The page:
Corps changes operations at Lock and Dam 8 to deter Asian carp invasion

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ST. PAUL — The U.S. Army Corps of Engineers, St. Paul District, recently changed how it operates Lock and Dam 8 on the Mississippi River in Genoa, Wisconsin, in an effort to impede the upstream movement of Asian carp.

The Corps changed the way it operates the spillway gates on this site in response to recommendations from a University of Minnesota research team led by Peter Sorensen. The proposed alterations are the result of several years of study of Asian carp movement and deterrent techniques funded by the Minnesota Environment and Natural Resources Trust Fund. These changes were carefully designed to stop carp passage while having minimal effects on native fish, fishing and lock and dam infrastructure.

"Our research has showed that there were small flow imbalances under prior operating procedures that might have been allowing adult carp to swim through the dam," Sorensen said. "Making relatively small adjustments to gate operations will prevent this without affecting barge traffic and costs nothing."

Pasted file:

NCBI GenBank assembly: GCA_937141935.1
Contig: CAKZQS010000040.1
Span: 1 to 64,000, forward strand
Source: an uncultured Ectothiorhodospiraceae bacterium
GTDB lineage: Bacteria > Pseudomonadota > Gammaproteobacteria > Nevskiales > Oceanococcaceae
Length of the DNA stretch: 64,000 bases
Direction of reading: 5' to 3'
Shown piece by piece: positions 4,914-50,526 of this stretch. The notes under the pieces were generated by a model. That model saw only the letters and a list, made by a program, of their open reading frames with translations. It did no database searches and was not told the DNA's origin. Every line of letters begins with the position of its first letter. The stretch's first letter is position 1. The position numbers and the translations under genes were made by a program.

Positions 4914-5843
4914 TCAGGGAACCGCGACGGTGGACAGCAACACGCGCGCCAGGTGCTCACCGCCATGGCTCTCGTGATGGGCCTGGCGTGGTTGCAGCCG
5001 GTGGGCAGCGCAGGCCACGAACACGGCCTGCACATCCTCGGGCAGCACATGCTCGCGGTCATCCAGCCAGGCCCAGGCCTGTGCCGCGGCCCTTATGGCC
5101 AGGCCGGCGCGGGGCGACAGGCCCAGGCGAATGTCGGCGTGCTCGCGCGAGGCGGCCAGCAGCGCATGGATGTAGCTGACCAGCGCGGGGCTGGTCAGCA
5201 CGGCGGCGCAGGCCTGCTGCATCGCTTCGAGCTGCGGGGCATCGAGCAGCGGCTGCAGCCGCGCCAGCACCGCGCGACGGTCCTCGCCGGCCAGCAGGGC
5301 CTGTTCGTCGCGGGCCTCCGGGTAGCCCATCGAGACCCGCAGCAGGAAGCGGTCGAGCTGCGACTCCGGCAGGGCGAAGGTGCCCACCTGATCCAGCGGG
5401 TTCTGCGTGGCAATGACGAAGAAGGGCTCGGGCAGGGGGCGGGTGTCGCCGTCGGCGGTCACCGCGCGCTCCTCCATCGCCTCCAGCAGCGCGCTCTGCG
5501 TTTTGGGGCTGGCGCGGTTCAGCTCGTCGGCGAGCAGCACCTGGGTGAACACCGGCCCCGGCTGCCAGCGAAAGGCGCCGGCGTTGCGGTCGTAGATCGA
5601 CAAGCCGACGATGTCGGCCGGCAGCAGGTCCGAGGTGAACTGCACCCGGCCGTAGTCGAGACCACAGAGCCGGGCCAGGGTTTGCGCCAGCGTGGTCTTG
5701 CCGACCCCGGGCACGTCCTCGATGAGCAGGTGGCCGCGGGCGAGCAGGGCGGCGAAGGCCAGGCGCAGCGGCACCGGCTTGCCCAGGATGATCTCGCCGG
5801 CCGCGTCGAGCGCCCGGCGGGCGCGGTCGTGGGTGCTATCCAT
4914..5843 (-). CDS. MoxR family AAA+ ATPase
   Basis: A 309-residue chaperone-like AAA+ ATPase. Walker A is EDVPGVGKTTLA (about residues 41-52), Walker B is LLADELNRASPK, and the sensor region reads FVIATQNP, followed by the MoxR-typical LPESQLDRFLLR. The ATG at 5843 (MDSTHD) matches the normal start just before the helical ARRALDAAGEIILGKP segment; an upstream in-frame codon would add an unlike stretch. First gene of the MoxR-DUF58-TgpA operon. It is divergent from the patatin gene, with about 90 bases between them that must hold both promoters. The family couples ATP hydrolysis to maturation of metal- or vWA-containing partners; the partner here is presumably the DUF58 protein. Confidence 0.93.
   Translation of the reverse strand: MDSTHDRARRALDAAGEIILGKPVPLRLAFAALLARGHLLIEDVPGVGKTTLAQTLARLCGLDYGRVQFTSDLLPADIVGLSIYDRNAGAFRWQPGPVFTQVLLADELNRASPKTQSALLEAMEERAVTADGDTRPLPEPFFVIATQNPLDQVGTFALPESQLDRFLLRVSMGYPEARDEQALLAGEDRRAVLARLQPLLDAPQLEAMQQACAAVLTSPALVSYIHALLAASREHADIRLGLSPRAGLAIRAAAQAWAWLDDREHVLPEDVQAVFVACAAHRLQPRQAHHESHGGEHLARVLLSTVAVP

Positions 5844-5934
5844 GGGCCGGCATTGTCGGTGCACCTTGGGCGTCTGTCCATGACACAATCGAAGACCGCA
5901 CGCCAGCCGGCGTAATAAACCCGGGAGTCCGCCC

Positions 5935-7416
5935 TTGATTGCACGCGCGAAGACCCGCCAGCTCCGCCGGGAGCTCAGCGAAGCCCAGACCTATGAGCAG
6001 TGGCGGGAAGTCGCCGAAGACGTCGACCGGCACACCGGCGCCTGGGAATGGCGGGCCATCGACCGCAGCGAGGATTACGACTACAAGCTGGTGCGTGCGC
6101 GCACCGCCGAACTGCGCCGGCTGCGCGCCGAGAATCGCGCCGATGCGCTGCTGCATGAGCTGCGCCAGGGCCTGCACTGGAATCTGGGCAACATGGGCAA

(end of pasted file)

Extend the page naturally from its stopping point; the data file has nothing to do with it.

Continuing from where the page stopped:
Sorensen explained that the team has also mounted underwater speakers in the lock gates to broadcast low-frequency noises that deter carp but are not known to affect important native species in the river and are not audible to people on the river.

According to the Minnesota Department of Natural Resources, bigheaded and silver carp are now abundant and reproducing in Iowa, about 100 miles south of Genoa and continuing to move north. These fish are known for their voracious food habits and tendency to jump, startling boaters on the Mississippi.

"Lock and Dam #8 is now the only dam on the Mississippi River that has been optimized to reduce carp passage," Sorensen said. "In the future, we hope to make additional adjustments to the gates and lock here and then farther upriver to decrease overall carp passage to just a few percent of present levels which already appear to be low."